VIBURNUMS FOR VARIETY
By Dr. Leonard Perry
Extension Nursery and Greenhouse Specialist
University of Vermont
As you begin thinking about spring landscaping,
consider viburnums to add variety to your garden. These
plants range in size from two- to three-foot shrubs
to 30-foot trees and have excellent foliage, attractive
and often fragrant flowers, showy fruit, and an interesting
While relatively few of our native viburnums
have found their way into the commercial landscape trade,
many work well in naturalistic settings and provide
excellent cover and food for birds. Hybrids, cultivars,
and native viburnums are quite hardy in most areas of
Viburnums are resistant to serious insect
infestation and adapt well to a variety of soil and
environmental conditions. They are a good choice for
busy gardeners because they require little pruning.
American Cranberrybush Viburnum (V. trilobum)
is perhaps best known, as it is native, hardy, and has
edible red fruits in fall, which are great for making
jellies (and of course, for birds, too). It grows upright,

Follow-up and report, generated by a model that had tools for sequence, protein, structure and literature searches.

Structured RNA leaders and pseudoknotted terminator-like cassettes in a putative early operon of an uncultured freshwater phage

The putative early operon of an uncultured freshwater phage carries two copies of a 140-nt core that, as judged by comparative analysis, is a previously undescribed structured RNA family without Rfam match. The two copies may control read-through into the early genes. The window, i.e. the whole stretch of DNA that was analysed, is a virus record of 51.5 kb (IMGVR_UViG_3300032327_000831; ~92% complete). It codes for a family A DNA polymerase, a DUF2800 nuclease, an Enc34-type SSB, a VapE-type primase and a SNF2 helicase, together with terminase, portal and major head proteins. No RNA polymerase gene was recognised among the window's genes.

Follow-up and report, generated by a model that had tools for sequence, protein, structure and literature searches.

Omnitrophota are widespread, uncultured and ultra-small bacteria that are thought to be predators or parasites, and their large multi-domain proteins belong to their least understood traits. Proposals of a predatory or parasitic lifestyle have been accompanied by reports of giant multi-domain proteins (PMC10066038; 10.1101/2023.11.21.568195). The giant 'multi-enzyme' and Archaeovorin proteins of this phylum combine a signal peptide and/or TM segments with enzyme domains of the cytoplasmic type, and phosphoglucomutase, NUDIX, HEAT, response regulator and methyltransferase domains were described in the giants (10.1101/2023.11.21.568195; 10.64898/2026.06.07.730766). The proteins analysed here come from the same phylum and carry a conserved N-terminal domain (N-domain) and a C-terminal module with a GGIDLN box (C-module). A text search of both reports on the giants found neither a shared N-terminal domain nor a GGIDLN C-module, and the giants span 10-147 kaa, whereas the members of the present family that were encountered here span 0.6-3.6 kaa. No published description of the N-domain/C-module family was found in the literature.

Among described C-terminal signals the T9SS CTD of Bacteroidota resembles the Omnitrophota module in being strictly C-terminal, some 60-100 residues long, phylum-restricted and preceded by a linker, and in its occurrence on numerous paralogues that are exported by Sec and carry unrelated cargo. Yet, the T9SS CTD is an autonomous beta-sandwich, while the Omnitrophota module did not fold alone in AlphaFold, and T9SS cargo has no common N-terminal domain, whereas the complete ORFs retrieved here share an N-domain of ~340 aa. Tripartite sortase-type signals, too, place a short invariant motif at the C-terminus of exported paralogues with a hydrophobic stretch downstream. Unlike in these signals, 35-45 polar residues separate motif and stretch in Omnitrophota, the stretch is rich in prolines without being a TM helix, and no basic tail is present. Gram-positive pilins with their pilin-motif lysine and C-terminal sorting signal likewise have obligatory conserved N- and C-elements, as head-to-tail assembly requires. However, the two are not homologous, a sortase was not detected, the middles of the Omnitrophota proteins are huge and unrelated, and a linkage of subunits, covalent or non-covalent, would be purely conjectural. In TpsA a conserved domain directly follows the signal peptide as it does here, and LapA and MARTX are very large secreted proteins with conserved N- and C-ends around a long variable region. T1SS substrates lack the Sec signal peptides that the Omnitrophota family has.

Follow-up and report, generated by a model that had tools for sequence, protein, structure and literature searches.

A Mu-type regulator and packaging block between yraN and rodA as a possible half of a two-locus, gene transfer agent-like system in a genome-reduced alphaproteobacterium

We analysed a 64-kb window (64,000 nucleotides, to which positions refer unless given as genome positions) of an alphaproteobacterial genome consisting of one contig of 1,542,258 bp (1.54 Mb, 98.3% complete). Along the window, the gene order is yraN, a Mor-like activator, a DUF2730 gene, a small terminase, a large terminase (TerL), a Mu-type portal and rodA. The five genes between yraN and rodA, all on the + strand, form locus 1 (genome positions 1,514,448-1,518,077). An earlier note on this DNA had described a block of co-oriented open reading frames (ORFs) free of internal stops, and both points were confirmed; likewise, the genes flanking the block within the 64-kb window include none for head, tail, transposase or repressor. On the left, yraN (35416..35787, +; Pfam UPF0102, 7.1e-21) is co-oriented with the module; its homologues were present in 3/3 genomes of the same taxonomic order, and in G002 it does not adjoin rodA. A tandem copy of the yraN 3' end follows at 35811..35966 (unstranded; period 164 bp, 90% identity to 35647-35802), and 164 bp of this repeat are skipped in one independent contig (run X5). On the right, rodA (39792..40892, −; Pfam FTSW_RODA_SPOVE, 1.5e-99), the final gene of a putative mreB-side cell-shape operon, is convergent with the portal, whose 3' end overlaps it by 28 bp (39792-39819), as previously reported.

about eight to10 feet high. There are several cultivars
of this to consider as well, such as 'Bailey Compact',
'Compactum', and 'Alfredo,' which grows only five to
six feet tall.
Compact Koreanspice Viburnum (V. carlesii
'Compactum') and Compact European Cranberrybush (V.
opulus 'Compactum') are ideal for spaces with only three
or four feet of planting area.
In the spring Koreanspice is covered with
pink fragrant flower clusters the size of tennis balls.
The Compact Cranberrybush produces flowers that are
white, slightly fragrant, and grow in flat-topped clusters.
Koreanspice fruit is not especially showy, but the bright
red, fleshy fruit on the Cranberrybush in fall is very
attractive. It grows in dense clusters several inches
The standard form of Koreanspice Viburnum
is a good intermediate landscape plant as it only grows
five to six feet high with an equal spread. Its dull
green foliage turns bright scarlet in the fall.
Burkwood Viburnum (V. burkwoodii) is similar
to Koreanspice in form, flower, and fragrance although
the burkwood has partially evergreen leaves. Koreanspice
is one of its parents.
Onandago Viburnum (V. sargentii 'Onandaga')
is quite hardy and a good selection for its purplish
leaves in spring, which turn dark green in the summer.
Its clusters of white flowers contrast nicely with the
leaves. It can reach heights of eight to 12 feet and
grows in an upright oval shape. As it is quite vigorous,
don't overfertilize it.
These are only a few of the many viburnums
suitable for landscapes. Others are described in Landscape
Plants for Vermont, a University of Vermont (UVM) Extension
publication. To order a copy, send $17 (includes shipping)
to the Vermont Master Gardener Program, UVM Extension
Office, 655-A Spear St., Burlington, Vt. 05404-0107.
Make checks payable to "Vermont Master Gardener